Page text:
Tags » Chimamanda Adichie

Book review: Half A Yellow Sun

I’m on a roll with African authors. Having read ‘Americanah’ by Chimamanda Adichie, I felt indebted to read more of her books. Adding to my book shelf, ‘Half A Yellow Sun’ being the best indecisive decision ever made. 111 more words

Daily Fresh

The Political as Personal: On Reading Widely by Alexandra Watson

Art You Engaged. / Are you engaged? is an emergency issue of The James Franco Review. Writers, editors, and artists around the country explored what it means for them to be politically or consciously engaged in their work and to also examine literature’s relationship to safety.  734 more words

Issue: Art You Engaged

Friday, September 18

We began our new lesson focus today by watching The Danger of a Single Story.

If you were absent or out of class for the Discipline Disorder Show, PLEASE take twenty minutes to watch this video WITH ENGLISH SUBTITLES (her accent is difficult to understand at times). 25 more words

10th Grade Literature

My Fashion, My Choice

I strolled to class in my usual fall gear; a thick grey sweater dress, graced with a faun pashmina scarf, thick opaque tights, and black flats. 656 more words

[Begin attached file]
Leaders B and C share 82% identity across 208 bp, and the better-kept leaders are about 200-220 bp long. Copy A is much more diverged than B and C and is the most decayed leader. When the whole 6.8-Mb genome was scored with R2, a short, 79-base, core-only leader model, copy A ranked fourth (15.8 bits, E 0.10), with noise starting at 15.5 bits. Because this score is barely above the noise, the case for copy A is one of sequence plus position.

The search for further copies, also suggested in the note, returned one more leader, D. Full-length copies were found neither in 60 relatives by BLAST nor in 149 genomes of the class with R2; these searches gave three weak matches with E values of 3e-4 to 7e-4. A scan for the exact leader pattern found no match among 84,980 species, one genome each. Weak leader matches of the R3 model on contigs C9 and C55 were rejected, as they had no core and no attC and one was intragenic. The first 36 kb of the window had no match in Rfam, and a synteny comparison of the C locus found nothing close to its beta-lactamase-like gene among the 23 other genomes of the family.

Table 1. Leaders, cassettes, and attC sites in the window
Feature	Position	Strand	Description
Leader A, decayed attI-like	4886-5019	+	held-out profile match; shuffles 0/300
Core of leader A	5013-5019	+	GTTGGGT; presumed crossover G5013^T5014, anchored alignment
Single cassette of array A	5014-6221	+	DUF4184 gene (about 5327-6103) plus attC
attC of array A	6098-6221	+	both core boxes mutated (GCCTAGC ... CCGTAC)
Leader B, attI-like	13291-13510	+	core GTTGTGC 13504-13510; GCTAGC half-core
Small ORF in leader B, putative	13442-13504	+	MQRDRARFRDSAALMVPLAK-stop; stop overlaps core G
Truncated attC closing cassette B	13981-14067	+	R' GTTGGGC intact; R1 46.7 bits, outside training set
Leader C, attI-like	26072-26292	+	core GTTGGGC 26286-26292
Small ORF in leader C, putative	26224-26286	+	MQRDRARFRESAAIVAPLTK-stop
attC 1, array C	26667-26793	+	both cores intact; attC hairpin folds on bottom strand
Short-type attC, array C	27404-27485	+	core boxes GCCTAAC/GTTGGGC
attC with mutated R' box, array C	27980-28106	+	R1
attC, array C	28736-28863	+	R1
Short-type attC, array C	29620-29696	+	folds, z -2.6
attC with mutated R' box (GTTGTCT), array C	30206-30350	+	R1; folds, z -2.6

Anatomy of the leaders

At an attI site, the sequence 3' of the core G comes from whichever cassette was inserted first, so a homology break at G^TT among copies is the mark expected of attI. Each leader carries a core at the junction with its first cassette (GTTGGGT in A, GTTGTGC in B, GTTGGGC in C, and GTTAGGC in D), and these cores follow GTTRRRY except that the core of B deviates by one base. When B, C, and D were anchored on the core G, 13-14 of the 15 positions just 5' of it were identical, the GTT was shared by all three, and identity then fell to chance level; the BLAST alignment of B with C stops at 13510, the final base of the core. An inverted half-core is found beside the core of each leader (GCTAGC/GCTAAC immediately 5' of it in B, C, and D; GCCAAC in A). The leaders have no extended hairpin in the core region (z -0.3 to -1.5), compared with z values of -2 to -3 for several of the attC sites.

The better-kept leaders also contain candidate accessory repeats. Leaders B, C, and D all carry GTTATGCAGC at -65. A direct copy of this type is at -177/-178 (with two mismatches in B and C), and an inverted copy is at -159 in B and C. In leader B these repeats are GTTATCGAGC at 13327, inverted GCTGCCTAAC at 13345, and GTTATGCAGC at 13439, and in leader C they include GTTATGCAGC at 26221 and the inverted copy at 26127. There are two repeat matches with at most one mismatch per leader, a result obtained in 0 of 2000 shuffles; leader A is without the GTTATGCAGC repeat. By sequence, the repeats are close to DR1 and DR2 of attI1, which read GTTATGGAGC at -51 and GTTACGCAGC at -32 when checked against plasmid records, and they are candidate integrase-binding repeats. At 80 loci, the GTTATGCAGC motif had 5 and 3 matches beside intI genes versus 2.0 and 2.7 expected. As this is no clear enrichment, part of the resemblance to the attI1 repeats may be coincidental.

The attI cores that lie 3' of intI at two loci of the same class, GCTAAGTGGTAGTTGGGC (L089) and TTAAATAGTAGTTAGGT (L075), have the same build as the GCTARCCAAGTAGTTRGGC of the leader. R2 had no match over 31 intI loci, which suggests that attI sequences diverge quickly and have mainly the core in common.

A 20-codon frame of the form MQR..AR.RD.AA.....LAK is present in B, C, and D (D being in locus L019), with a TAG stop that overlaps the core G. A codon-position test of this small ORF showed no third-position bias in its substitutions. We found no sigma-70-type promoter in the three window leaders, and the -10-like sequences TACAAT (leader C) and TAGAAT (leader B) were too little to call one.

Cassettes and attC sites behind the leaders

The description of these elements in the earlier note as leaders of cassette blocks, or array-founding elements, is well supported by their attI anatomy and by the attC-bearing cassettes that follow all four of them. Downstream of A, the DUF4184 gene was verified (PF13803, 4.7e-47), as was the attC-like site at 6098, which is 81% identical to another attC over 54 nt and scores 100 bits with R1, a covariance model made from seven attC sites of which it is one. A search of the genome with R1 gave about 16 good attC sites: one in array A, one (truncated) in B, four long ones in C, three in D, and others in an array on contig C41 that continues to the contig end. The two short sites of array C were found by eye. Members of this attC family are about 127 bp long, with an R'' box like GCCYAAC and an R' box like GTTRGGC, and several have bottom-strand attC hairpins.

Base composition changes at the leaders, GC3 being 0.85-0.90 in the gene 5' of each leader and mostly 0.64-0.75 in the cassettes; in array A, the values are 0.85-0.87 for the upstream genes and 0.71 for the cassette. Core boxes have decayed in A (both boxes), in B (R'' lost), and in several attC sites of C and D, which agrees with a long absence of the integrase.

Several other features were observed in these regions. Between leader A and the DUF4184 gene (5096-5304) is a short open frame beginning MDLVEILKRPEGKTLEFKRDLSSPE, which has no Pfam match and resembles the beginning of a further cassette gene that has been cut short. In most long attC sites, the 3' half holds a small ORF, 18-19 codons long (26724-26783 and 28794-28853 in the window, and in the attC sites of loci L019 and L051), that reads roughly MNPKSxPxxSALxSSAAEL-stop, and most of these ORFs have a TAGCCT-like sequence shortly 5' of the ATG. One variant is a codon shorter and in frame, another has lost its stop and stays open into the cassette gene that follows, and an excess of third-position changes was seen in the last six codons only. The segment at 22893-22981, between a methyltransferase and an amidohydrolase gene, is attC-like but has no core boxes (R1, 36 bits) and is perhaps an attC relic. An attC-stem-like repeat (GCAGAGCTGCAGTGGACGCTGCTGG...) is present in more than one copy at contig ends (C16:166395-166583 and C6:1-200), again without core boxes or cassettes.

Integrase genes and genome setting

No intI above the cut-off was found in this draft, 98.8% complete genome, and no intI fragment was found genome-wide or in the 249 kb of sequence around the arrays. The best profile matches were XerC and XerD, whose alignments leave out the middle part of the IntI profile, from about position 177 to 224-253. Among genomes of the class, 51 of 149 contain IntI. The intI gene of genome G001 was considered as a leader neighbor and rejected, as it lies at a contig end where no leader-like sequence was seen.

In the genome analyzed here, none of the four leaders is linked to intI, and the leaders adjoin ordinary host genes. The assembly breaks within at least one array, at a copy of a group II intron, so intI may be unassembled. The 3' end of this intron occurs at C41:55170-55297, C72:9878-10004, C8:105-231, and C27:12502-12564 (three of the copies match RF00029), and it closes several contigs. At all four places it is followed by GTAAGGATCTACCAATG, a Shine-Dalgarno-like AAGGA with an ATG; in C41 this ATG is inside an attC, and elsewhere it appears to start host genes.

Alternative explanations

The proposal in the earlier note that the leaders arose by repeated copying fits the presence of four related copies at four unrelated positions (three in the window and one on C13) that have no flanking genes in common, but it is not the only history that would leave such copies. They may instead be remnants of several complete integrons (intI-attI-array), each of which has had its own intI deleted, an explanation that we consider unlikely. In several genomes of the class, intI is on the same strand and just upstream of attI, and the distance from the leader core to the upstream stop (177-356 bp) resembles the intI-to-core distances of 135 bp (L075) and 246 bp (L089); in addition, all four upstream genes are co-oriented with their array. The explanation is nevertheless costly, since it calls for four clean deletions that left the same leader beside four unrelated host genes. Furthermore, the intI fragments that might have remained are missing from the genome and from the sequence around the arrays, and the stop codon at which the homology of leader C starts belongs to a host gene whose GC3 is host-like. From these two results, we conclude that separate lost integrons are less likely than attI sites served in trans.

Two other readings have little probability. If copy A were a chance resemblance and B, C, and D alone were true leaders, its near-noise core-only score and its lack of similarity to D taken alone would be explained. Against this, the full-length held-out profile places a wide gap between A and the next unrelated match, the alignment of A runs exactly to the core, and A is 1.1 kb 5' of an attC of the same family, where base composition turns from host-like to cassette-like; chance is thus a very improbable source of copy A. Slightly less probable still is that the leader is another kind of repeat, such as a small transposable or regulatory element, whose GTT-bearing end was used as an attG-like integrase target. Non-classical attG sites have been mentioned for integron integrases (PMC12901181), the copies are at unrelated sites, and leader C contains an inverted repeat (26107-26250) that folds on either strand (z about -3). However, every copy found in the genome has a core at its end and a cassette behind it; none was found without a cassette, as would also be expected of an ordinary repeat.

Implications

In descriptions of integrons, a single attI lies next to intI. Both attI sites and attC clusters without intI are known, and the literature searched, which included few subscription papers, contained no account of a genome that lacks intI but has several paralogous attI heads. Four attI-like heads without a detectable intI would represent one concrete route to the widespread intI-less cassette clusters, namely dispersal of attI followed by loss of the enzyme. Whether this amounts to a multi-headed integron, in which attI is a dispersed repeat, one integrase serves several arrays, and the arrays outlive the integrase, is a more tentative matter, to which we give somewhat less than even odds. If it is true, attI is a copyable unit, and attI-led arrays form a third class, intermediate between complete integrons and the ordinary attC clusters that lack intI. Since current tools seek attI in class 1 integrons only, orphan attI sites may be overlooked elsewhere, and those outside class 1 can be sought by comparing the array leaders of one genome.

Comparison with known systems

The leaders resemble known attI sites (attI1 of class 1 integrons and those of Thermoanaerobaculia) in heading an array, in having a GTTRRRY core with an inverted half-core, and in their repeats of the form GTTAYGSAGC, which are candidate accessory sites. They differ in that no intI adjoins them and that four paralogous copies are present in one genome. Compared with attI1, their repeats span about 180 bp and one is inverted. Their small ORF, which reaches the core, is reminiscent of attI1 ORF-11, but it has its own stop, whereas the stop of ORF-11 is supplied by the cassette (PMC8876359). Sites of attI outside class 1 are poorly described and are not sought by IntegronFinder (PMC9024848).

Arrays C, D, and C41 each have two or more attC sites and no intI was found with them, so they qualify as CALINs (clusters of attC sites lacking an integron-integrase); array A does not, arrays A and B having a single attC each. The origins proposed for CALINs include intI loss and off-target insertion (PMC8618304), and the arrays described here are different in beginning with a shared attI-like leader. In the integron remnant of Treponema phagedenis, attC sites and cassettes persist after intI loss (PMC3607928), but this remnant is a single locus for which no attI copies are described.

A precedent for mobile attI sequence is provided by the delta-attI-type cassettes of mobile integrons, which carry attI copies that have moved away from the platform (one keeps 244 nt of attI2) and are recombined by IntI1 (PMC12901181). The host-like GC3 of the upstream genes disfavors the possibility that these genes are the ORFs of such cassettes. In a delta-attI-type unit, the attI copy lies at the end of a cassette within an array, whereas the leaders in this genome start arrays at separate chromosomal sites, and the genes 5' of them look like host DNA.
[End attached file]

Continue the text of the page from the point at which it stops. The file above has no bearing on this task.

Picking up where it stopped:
HAPPY BIRTHDAY Chimamanda Ngozi Adichie, AWARD WINNING AUTHOR @chimamandasays @adichieparody

HAPPY BIRTHDAY Chimamanda Ngozi Adichie, AWARD WINNING AUTHOR, Born 15 September 1977 (age 38) in Enugu, Enugu State, Nigeria

“The problem with gender is that it prescribes how we should be rather than recognizing how we are. 58 more words


My Drink of Choice - Bassey Ikpi

At first glance, Bassey Ikpi’s slender frame may fool you into likening her to a delicate, wiry Champagne flute, great at standing aloof and looking exquisite. 566 more words

Views And Reviews

'We Stayed Children': Akwaeke Emezi on Growing Up in Chaos in Aba, Nigeria

I spent my entire childhood in Aba, a commercial town in the south of Nigeria, where both my siblings were born. When I came back to the country after leaving for college, I knew from my first circling of the Lagos crowd that the location of my childhood would be ammunition against people who thought I didn’t belong, that I wasn’t Nigerian enough.

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